Our report - We Need To Talk About CMV was covered today NHS Choices- Behind the headlines coverage.
Some of the headlines:
"What does the charity's report say about CMV?
The expert report says CMV is a "neglected public health burden" and calls for more to be done to tackle it. It says:
- CMV affects almost 1,000 babies a year – more than Down's syndrome, toxoplasmosis or listeriosis
- one in five babies born with CMV will suffer consequences such as hearing loss, cerebral palsy and epilepsy
- there is a growing body of evidence that providing pregnant women with this information can reduce the risk of them catching CMV in pregnancy
The report also claims pregnant women receive no advice about CMV in pregnancy. But it is not possible to say to what extent GPs and midwives generally give advice on CMV to women.
It may be the case that the risks of CMV may not be as commonly discussed as those associated with food or alcohol, for example. Advice on CMV in pregnancy has been available on the NHS Choices website for many years. (Footnote from CMV Action - It was only our campaigning last year that had the advice moved to be number 2!!)
What can be done now?
The report recommends that:
- professionals involved in the care of pregnant women improve their understanding of CMV
- midwives and GPs advise women about reducing the risks of infection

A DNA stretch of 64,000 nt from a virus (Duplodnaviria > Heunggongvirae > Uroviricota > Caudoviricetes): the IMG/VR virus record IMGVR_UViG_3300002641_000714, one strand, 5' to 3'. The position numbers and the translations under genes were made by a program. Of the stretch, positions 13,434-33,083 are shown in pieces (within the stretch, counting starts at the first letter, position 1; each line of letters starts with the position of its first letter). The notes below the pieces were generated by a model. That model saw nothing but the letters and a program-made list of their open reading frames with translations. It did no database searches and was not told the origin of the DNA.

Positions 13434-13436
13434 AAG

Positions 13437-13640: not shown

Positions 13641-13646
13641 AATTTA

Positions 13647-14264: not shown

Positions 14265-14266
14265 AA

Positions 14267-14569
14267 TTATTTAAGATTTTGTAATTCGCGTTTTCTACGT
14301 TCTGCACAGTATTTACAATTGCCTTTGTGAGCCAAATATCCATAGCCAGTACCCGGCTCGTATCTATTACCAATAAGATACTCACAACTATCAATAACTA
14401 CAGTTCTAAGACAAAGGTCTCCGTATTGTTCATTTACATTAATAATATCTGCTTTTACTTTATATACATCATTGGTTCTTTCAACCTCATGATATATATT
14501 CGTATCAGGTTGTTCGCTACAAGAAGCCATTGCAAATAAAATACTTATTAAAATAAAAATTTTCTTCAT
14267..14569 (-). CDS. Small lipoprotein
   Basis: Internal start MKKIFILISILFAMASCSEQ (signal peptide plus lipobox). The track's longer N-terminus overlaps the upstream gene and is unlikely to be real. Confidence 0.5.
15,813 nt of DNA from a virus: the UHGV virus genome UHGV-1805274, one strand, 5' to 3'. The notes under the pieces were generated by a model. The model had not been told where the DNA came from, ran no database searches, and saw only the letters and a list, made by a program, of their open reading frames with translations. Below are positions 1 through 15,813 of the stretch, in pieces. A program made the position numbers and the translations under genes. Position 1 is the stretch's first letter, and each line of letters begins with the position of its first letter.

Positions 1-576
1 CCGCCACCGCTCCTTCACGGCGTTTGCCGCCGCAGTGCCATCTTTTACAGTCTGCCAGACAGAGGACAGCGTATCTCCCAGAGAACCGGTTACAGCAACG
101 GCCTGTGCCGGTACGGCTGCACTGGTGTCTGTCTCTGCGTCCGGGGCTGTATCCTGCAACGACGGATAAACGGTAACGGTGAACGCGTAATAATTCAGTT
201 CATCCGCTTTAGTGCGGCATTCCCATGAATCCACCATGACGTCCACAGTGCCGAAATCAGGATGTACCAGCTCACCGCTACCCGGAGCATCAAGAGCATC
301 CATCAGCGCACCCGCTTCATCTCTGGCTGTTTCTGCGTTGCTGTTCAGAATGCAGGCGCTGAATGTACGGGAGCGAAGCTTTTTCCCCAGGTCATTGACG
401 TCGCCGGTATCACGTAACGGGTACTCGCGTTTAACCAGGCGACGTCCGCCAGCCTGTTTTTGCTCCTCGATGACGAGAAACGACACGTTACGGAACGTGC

- health professionals dealing with the foetus and newborns should be alert to the potential signs of CMV infection so more newborns -can be diagnosed and treated in the first month of life
- paediatricians and other professionals working with families should understand the guidelines for managing CMV so more families receive the monitoring and support their child needs
- there should be more research into developing a vaccine against CMV and treatments that prevent its effects in babies
What does the report recommend that pregnant women should know?
The report suggests a simple "Don't share, wash with care" four-step approach, which midwives can communicate to childbearing women:
- Avoid placing objects in your mouth that have been in an infant's mouth previously. So, for example, avoid sharing food, cups and utensils or sucking a child's dummy to clean it after it has been dropped.
- Avoid kissing young children on the mouth or cheek – they suggest kissing them on the head or giving them a big hug instead.
- Wash your hands thoroughly with soap and water after coming into contact with any bodily fluids. This includes after a nappy change, or after wiping a toddler's nose or mouth.
- Thoroughly clean items that have been in contact with bodily fluids.
The charity says that, "Whilst it is hard for busy women to avoid every potential exposure, simply improving hygiene measures can markedly reduce the risk of transmission."
Read the full article here